Three days from now will mark the one year anniversary of my father-in-law's passing. It will be our 2nd Thanksgiving without him and he is just as missed this year as he was last year. If you are not familiar with his life you can read about him here:
For the last year, we have devoted at least one weekend a month to visiting my mother-in-law and my husband's aunt whom I warmly refer to "our ladies." They are in their 80s but there are no other people alive that we would rather visit with. We look so forward to being with them. It's not just that we get to eat pizza late at night, or feast at the local buffet, or buy yummy cinnamon jelly beans. It's much, much more than that.
These two women have lived life with the Lord. They prayed my sorry self into the Kingdom of God. They fasted until I got right and I will be eternally grateful. Their experiences, insights, revelations, and correction when we need it, are invaluable. At the sign of trouble, my first call is to them. Their prayers are powerful and they've learned to persist in patience and faith. Many times my husband's aunt has kept my feet on level ground when I just wanted to dig a hole and die. I felt this way about my father-in-law as well and begged the Lord to let him stay on earth but it was not to be.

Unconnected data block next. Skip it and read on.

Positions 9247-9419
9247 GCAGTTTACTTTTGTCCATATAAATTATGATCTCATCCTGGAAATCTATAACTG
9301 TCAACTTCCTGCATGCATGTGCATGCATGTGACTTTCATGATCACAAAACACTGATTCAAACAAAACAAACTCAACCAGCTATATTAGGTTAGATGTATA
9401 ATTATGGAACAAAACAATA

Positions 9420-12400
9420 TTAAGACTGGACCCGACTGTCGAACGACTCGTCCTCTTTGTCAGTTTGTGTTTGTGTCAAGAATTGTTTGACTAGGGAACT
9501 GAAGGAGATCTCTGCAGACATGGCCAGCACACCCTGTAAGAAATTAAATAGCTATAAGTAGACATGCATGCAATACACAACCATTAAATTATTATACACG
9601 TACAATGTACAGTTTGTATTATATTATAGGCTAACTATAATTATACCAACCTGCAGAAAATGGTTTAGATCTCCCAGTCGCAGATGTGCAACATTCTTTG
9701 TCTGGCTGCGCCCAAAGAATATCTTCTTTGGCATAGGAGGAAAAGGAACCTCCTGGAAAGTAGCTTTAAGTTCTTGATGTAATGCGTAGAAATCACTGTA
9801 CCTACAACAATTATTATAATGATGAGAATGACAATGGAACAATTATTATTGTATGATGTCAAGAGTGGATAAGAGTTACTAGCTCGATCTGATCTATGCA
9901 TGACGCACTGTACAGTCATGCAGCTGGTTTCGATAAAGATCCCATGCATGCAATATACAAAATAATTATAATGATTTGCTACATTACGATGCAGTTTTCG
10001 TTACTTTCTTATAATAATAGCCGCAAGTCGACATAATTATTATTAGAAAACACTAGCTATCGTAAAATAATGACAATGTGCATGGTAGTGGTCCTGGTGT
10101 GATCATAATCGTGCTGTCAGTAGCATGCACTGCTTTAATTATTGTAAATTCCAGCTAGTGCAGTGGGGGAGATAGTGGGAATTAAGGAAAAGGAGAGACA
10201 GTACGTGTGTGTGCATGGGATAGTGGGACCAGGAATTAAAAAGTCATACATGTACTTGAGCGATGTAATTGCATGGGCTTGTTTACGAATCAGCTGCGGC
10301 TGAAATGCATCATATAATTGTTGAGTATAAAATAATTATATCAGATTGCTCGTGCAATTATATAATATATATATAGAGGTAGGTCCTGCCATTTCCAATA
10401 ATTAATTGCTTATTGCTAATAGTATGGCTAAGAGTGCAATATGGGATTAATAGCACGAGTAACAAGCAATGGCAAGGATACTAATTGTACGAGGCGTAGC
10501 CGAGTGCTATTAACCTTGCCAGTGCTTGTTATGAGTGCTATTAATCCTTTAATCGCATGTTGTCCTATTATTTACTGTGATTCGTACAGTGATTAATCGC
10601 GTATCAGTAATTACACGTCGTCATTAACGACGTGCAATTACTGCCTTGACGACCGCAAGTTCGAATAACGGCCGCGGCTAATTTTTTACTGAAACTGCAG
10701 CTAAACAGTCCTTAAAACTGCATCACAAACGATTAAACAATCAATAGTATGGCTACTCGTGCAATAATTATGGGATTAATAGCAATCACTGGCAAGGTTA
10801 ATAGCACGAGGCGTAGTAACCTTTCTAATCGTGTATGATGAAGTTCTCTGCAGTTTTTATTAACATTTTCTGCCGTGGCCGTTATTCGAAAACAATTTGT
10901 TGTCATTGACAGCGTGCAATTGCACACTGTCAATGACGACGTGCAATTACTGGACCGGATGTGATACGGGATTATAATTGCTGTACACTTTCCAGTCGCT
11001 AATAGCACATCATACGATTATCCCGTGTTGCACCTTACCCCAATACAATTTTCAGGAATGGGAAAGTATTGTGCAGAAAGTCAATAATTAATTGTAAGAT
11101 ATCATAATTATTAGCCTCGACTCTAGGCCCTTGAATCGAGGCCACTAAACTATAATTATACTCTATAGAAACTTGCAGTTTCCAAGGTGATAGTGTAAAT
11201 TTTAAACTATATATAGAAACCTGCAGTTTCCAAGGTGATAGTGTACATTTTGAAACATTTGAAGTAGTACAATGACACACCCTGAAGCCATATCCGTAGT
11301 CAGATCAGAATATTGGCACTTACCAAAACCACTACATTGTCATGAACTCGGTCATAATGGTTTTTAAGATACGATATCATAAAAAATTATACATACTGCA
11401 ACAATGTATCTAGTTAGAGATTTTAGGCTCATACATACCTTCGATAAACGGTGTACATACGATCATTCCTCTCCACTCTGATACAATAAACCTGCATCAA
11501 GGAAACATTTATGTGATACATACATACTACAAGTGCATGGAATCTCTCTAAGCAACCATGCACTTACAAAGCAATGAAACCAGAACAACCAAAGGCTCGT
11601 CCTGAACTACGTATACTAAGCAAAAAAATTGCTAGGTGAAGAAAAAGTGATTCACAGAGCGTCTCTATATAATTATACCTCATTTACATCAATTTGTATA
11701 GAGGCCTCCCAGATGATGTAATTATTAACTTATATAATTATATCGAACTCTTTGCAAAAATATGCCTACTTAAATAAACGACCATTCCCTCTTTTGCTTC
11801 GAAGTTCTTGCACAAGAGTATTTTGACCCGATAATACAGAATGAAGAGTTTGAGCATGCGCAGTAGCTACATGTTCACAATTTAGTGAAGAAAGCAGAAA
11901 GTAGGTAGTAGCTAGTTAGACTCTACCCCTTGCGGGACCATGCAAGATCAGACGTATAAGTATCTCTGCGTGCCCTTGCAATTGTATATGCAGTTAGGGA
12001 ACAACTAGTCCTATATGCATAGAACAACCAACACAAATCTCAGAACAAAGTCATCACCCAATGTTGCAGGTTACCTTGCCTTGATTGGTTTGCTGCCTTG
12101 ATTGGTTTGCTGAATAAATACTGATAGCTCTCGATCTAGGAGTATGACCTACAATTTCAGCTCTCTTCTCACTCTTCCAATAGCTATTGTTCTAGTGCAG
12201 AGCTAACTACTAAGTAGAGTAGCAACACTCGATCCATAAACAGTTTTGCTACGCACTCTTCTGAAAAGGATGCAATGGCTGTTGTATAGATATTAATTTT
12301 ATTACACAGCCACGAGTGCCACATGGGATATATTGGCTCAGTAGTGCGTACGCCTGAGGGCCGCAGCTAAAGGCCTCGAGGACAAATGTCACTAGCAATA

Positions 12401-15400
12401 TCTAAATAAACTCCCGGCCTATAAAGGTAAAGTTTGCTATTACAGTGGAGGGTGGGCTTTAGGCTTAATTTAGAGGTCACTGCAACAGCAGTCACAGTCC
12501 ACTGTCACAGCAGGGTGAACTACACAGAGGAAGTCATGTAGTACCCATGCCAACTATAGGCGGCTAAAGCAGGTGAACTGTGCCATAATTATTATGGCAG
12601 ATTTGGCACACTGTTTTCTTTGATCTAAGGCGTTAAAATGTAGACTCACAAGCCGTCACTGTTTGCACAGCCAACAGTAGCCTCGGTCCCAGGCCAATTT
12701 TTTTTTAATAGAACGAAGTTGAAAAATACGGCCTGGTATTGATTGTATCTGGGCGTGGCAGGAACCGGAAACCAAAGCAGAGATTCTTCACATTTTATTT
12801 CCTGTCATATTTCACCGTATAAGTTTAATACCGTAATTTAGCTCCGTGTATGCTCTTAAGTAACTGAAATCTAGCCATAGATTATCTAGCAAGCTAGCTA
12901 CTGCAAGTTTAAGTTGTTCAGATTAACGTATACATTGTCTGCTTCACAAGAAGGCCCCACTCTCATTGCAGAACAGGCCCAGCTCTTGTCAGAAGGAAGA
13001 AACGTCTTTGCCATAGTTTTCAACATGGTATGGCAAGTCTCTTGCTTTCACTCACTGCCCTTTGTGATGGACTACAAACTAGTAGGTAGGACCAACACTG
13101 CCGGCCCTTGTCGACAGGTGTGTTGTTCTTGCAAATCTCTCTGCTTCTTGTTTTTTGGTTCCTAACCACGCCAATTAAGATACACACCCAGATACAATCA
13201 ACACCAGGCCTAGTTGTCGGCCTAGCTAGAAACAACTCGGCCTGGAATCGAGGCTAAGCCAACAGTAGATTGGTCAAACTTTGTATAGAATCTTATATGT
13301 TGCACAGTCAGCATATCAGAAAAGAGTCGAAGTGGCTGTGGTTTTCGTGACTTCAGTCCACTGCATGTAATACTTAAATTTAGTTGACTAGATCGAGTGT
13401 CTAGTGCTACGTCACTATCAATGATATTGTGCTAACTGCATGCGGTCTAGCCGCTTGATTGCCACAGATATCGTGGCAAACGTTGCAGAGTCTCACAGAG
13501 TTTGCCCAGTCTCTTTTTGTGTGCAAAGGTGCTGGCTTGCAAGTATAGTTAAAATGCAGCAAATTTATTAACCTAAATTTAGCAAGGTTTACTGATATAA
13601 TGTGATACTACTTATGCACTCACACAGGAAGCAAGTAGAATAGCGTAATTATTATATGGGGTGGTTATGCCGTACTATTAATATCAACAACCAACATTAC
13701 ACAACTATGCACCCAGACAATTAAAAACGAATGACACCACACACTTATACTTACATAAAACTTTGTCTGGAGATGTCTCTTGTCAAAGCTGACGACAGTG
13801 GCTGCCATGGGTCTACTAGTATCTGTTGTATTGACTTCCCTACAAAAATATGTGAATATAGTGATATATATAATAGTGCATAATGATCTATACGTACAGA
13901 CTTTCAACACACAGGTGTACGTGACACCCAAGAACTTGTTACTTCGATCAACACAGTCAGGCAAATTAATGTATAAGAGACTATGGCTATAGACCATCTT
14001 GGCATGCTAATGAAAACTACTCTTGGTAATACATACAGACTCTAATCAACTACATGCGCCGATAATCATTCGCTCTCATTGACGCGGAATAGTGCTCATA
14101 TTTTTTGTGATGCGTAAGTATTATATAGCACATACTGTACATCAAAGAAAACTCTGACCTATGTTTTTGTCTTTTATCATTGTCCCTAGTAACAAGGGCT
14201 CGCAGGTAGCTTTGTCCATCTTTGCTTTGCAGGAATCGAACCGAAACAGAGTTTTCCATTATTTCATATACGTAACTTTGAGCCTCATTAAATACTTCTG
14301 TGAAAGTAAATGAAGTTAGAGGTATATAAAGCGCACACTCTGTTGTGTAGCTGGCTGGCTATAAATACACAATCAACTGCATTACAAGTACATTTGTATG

I have determined to not have regrets where my spiritual heritage is concerned. When I get the opportunity, I pick their brains concerning scripture and what they've experienced as Pentecostal believers through the years. I ask them what God is teaching them now. Their answers are so rich and deep. You see, my husband is a 3rd generation Pentecostal. First hand stories have been passed down through the family almost from the very beginning of Pentecostalism in the United States. It's a testament of who God is and what He could do if we would let Him. I feel that I could never fill their shoes, but I desire to have their mantel in the Lord. I pray that the residue of who they are will settle on my life.
These last days will require for believers to be at their very best because deception will be strong and many will be destroyed, even the elect. So the days we spend recalling the works of God, the salvations they've witnessed, the supernatural events they saw and experienced, the deliverances they've seen are so valuable to me. There is also so much laughter and love as we go on adventures together, eat together, and yes, even nap together. (They wear us young ins out!)
Even today, we realize that some day, we will go visit their grave marker, as we did my father-in-law's just yesterday. But we won't be crying because we wish that we had spent more time together. We will cry because we miss them. We will cry because we are grateful for all that they poured into our lives. And we will laugh as we remember the stories they told and the adventures we had with them. But most of all, we will carry their lives in our hearts and they will spur us on in hope, encouragement, and love until we all meet again, this time never to say goodbye.
(The photo is of my father-in-laws tombstone. May the same be said of me when I'm gone).
Today I am thankful for my spiritual heritage.